Local professionals say new campaign to curb use of opioids won’t work
By Deborah Jeanne Sergeant
Remember the public service announcements (PSAs) from the Partnership for a Drug-Free America in the 1980s depicting an egg in a hot pan to show “your brain on drugs” as it fried?
New PSAs released by Office of National Drug Control Policy (ONDCP) to address the opioid crisis, the Truth Initiative and the Ad Council, also discuss drug abuse in a dramatic fashion. Based on true stories, they show people purposefully hurting themselves to obtain more prescription pain medication. For example, it shows people smashing their hands with a hammer or driving a car into a dumpster.
Though the spots warn “opioid addiction can happen after just five days,” area experts contest the effectiveness of the new PSAs, which debuted on TV and social media in June.
“I don’t think they’re effective,” said physician Tildabeth Doscher, who practices at UBMD Family Medicine and specializes in addiction medicine. “There’s mixed evidence about fear. People can remember it, but it doesn’t mean that people will change behavior. What’s the target audience?”
While she does think that the new PSAs raise awareness, she’s not sure that the message they contain clearly connects the dots between how some people start taking opioids, as prescription medication after surgery, which eventually leads to addiction.
“It should say it, ‘Ask your doctor for another option for pain relief,’” she said. “We have this idea pain is supposed to disappear. You want to manage pain, not erase it.”
She said that in the 1990s, pain became a vital sign and later a reimbursement issue.
“If someone said their pain was not addressed, the doctors became docked,” Doscher said. “It’s the way physicians are trained. There wasn’t a lot of lifestyle choice training and that’s starting to change.”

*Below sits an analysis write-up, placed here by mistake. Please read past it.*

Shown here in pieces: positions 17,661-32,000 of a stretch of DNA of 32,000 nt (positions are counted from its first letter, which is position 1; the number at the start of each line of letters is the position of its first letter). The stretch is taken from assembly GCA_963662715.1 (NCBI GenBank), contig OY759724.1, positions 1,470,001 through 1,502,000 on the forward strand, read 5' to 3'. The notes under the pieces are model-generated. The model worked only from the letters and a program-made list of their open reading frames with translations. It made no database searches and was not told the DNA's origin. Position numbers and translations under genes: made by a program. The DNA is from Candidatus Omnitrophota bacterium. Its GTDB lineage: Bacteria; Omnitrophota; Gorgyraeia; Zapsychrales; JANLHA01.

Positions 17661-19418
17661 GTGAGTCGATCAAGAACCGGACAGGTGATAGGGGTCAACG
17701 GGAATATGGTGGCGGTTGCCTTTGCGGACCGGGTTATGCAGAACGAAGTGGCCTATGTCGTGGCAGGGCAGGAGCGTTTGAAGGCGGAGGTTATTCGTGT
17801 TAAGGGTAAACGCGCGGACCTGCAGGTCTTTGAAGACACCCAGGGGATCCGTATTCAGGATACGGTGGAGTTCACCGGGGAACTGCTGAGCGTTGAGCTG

Patients have the right to ask for other, non-addictive means to manage pain than opioid medication when they’re injured or about to undergo surgery. Doscher wants a PSA to offer alternatives and script ways patients can ask for other means of pain management, while making it clear that legitimate pain medication is how everyday people become addicted to drugs.
“The ad reinforces the stereotype of the out-of-control drug addict,” Doscher said.
She thinks that people who aren’t addicted to drugs may not readily identify with the extreme examples of self-harm depicted in the videos.
Louis Francis Ciola, certified hypnotist and owner of Amherst Hypnosis, specializes in addressing pain management, habit control and stress, among other conditions.
“The opioid PSA is not the right approach,” Ciola said. “It’s not really dealing with the issue.”
He thinks that most people want surgery and injuries to be pain-free, so they ramp up demand for opioid painkillers. Ciola wants PSAs to focus on preventing opioid addiction and more in-patient rehabilitation facilities to help people currently addicted.
“A lot of insurance companies don’t want to pay for rehab,” Ciola said. “In Buffalo, we should have a 500- or 1,000-bed treatment hospital. You need that in a lot of places in New York State.”
He also wants police departments to carry Narcan, the antidote to opioid overdose, like they would carry Epipens and defibrillators, since during an overdose, minutes count.